HOUSTON — For the second time in as many days, an Astros pitcher has tweeted an open letter to the city of Houston. On Thursday, it was free agent Gerrit Cole. Friday, fellow free agent pitcher Collin McHugh tweeted his apparent goodbye.
McHugh came to the Astros in 2014, and was part of the only World Series-winning team in franchise history. For his career, which included six years in Houston, two in New York with the Mets and one with Colorado, McHugh is 58-43 with an ERA of 3.95.
Below is the full text of his tweets:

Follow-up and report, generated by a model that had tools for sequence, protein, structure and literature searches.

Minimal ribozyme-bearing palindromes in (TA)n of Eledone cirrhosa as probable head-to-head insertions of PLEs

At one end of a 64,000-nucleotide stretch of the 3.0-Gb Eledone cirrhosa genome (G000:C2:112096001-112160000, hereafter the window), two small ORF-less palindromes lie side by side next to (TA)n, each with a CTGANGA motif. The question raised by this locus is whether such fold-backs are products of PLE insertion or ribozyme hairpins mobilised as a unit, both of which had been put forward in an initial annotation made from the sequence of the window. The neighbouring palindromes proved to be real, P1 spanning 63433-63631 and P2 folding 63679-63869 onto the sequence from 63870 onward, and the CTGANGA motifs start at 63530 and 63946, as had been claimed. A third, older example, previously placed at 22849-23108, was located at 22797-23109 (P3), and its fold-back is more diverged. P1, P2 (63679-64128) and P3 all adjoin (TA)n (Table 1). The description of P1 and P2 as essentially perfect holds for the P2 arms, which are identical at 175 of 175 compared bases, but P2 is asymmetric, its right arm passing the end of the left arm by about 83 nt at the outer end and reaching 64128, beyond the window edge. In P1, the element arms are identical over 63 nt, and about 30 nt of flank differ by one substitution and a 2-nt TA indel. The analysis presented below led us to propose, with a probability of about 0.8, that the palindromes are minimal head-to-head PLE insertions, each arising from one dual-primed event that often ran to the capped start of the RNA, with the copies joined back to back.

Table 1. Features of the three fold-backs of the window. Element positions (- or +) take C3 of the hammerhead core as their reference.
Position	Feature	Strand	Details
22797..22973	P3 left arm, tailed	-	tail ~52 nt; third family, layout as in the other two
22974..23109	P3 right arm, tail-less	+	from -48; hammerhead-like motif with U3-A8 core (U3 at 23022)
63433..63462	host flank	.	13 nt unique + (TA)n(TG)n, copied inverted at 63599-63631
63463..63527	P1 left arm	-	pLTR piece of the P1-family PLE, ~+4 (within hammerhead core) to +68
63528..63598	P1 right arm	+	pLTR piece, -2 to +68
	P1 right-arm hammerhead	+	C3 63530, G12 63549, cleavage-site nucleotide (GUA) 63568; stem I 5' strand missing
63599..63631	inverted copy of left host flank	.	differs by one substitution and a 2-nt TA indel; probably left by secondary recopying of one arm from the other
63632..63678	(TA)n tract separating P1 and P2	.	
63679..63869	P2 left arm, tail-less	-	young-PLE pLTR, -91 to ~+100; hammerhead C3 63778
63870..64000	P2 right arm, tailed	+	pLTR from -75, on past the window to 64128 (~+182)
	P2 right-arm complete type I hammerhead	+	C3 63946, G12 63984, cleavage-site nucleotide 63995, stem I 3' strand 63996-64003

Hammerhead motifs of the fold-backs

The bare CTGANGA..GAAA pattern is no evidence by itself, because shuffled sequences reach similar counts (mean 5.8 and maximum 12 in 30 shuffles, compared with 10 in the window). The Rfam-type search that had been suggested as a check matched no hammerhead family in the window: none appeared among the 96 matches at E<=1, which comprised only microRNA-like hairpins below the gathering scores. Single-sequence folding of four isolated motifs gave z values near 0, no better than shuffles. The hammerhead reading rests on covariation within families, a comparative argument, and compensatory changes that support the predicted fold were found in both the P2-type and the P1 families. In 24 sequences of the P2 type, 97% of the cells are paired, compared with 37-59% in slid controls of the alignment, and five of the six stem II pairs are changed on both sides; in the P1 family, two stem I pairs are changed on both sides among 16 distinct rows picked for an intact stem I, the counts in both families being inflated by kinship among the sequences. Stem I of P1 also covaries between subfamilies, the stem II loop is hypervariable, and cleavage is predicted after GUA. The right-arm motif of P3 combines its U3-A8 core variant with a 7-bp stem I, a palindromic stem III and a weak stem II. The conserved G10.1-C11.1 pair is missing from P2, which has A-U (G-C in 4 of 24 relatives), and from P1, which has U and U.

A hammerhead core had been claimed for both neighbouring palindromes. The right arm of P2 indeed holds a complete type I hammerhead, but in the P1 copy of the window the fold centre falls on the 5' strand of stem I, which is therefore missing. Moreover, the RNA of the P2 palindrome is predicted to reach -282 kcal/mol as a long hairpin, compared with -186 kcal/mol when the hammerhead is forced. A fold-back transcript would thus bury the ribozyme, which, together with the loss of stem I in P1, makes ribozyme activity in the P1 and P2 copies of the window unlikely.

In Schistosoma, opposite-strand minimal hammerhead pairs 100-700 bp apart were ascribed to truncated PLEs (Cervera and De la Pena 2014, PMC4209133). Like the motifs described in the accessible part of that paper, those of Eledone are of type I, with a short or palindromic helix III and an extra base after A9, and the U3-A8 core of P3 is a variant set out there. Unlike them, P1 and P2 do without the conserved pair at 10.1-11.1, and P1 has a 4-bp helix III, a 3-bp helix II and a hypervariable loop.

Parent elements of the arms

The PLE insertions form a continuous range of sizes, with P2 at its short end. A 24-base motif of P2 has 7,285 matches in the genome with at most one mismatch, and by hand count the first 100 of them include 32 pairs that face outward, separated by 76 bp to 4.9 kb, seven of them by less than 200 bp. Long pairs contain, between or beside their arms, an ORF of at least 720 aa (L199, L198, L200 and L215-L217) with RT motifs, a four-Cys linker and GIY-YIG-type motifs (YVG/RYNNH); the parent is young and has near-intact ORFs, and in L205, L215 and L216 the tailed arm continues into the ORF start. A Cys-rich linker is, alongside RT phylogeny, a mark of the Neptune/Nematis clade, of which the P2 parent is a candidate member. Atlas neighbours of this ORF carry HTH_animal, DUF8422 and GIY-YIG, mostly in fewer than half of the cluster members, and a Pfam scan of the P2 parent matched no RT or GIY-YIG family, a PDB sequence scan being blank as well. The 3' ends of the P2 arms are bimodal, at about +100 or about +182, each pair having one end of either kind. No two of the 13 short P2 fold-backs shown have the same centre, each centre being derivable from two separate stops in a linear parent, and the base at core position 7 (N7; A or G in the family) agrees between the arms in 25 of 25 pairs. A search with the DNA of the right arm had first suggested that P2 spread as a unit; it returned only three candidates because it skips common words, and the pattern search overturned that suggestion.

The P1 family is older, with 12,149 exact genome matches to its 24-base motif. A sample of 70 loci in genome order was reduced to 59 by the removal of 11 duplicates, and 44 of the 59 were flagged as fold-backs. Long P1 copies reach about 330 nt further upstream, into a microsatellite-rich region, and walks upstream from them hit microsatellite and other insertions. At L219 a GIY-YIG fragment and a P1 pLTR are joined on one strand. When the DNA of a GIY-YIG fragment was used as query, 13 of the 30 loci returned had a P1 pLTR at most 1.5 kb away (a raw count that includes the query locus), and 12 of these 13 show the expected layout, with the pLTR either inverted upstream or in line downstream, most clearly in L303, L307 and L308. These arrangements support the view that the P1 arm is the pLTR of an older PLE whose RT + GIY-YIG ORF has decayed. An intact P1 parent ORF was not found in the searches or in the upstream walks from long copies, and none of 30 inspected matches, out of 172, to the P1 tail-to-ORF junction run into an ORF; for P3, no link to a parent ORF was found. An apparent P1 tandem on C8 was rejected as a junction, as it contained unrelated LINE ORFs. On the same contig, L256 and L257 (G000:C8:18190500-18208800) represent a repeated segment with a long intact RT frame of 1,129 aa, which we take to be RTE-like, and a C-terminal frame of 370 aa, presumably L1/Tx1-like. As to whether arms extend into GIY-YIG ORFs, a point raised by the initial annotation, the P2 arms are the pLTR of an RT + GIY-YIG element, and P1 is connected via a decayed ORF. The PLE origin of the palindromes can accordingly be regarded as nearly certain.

"Before 2014, I was a baseball player without a home. A seasonal worker who had put 200,000+ miles on my Honda Accord. My wife and I had bounced from city to city trying to find a place that would accept us, that would allow us to stay for a while…that wouldn’t send us packing at the first sign of struggle. For years, we thought that might never be in the cards for us. But in April 2014, we made our way to this special city and it changed our lives forever. We adopted the Heights as our neighborhood of choice, we made friends with our neighbors, and became regulars at the places we love. My wife brought 2 incredible boys into the world and we’ve learned how to parent and raise them alongside our Astros teammates and their kids. The 6 years we spent in Houston have been the best years of my life. Not without its fair share of heartache and struggle, but also full of joy & celebration. I’m so grateful to have played a part in something that people in Houston will remember for the rest of their lives. Baseball is only as important as its ability to bring people together, and the collective joy that these Astros teams have brought to this city has made all the hard work and long hours feel worth it. My dad was diagnosed with stage 4 prostate cancer in 2014, so his battle with the disease has been interwoven into my time here as well. He’s spent time in Houston both as a proud father and a struggling patient at MD Anderson. The way the Astros and the people of this city have treated he and my mom will be a debt I cannot repay. You all lifted him up when they needed it most, and you made their lives richer by being here. Houston may get a bad rep from those who don’t know her well. But a city this diverse, this beautiful has my heart and won’t let it go. We have no idea what the future holds and if we will ever be back here to live. But if our time here is at an end, I want to thank you. Thank you for accepting us, and know that it’s been an honor to represent you to the world for these last 6 years."